The good news: Transportation stimulus projects reach 10K; The bad news: We’re still without a highway bill and guaranteed funding
Tina Grady Barbaccia | November 12, 2009
The Department of Transportation has jumpstarted more than 10,000 transportation projects across the United States with stimulus dollars, U.S. Vice President Joe Biden and Transportation Secretary Ray LaHood announced today.
As of the announcements, state agencies reported a total of 10,041 projects had been approved.
“Just nine months in, tens of thousands of people are on the job at highway, bridge, rail and airport improvement projects across the country…,” Biden said in a written statement. “These projects are not only providing new opportunities for hard-hit workers and businesses during tough economic times, but helping lay a strong foundation to support our 21st century economy. This is a significant milestone on the road to recovery, but we continue to work every day to create more jobs and drive economic growth.”
LaHood noted in the same written statement that it has been the U.S. Department of Transportation’s “top priority” since the start of the Recovery Act to quickly get money out the door to create jobs and boost the economy.
“In less than 10 months, we have spurred construction of 10,000 transportation projects across the country – many of which would have been stalled or shelved altogether without Recovery Act dollars,” LaHood said. “In addition to being economically crucial, these projects are critical investments in our national infrastructure.”
However, despite these projects and their respective funding, next year is still going to be tough, according to Associated Builders and Contractors, Inc. The organization says the “the recession is officially over,” but its Chief Economist, Anirban Basu, points out, “While the industry battled the effects of the recession in 2009, expect 2010 to be a transitional but sluggish year on the road to recovery.”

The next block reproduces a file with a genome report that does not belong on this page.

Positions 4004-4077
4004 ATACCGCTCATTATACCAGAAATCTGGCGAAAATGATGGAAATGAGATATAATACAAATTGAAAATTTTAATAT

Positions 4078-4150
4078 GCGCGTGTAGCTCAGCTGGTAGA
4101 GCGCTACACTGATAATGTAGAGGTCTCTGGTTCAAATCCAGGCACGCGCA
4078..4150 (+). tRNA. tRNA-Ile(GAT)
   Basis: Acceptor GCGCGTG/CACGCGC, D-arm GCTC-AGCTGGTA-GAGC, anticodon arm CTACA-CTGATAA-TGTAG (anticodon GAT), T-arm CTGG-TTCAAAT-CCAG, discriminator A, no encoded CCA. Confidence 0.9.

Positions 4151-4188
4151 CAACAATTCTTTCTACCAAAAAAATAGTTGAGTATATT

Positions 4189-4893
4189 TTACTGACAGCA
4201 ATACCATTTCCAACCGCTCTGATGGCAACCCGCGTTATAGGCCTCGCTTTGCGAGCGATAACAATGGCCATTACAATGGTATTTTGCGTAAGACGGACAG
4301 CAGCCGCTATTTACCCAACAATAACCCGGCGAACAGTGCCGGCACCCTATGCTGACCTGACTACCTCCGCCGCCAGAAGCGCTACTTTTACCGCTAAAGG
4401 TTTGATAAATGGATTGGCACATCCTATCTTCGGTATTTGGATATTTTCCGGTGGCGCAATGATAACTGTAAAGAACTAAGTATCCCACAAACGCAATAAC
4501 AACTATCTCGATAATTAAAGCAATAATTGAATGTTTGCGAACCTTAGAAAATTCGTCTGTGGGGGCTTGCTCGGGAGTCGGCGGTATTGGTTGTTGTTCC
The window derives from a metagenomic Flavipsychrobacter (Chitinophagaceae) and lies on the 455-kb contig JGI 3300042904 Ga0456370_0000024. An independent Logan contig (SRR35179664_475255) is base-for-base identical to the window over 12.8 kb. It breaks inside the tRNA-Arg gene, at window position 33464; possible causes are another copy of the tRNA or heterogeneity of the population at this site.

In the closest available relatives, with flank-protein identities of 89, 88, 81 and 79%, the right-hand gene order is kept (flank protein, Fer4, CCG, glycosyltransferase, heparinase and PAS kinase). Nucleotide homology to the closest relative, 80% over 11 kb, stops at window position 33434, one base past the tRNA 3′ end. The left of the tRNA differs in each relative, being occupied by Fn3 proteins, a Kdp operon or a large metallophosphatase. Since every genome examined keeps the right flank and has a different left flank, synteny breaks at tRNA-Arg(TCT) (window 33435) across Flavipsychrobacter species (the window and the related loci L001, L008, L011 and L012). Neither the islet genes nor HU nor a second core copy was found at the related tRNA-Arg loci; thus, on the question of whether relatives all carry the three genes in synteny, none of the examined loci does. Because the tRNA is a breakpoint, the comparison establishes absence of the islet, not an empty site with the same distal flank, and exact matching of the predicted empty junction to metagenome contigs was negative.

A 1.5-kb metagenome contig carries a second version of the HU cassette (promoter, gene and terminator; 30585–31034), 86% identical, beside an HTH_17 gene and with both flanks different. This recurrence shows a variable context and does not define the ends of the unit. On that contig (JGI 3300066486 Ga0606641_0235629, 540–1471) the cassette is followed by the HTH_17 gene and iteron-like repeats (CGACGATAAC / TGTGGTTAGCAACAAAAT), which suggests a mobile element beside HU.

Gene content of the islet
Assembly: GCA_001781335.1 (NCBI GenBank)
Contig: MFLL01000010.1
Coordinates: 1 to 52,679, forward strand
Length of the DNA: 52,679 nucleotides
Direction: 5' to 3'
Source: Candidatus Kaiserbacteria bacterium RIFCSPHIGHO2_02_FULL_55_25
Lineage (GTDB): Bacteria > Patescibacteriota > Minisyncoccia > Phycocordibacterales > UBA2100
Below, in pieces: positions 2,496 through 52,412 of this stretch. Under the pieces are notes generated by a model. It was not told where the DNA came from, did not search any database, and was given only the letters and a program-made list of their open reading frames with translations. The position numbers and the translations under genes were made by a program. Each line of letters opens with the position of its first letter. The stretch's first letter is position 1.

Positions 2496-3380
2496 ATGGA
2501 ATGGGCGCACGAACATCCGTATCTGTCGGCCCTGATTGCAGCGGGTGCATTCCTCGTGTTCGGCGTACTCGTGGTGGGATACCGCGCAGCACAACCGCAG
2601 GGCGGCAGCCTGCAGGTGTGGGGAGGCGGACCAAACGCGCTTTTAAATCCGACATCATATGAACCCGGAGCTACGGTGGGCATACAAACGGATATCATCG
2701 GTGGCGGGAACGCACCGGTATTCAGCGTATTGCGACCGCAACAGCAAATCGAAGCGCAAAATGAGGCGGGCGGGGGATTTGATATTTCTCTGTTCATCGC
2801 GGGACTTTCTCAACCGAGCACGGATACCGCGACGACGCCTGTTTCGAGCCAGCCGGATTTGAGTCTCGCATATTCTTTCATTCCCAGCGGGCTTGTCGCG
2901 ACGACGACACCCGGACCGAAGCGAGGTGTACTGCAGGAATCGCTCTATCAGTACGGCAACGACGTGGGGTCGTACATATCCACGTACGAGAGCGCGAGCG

As of this week, the U.S. DOT has made $48.1 billion available for highway, road, transit, bridge and airport construction and repairs nationwide. Of that, $30.6 billion already has been obligated to fund 10,041 approved projects in 53 U.S. States and Territories, with 6,547 transportation projects underway.
According to the U.S. DOT, here is a breakdown of transportation funding with the stimulus:
*The Federal Aviation Administration has awarded 99 percent of its funding, $1.2 billion, for 355 airport improvement projects;
*Federal Highway Administration has approved $20.2 billion for more than 8,500 road, bridge and highway projects;
*Federal Transit Administration has awarded $7.4 billion to state and local transit agencies for new vehicles, facility renovations and maintenance;
*Federal Railroad Administration has approved 93 percent of funding available under the Amtrak Capital Grants program; and
*MARAD has spent 96 million, or 100 percent of its ARRA program funds, for capital improvements to small shipyards.
*This winter, the U.S. DOT will also announce $8 billion in grants to launch high-speed rail in the United States, and another $1.5 billion in TIGER Discretionary Grants.
I’m glad the stimulus is helping with new transportation projects and jobs. However, we need to make sure this rah-rah talk translates into what we really need–a new highway bill.
Without the reauthorization of SAFETEA-LU, we’re still on a downward spiral. Sure, the stimulus is helping. But without the promise of secured funding, the construction and transportation industries are in real trouble.
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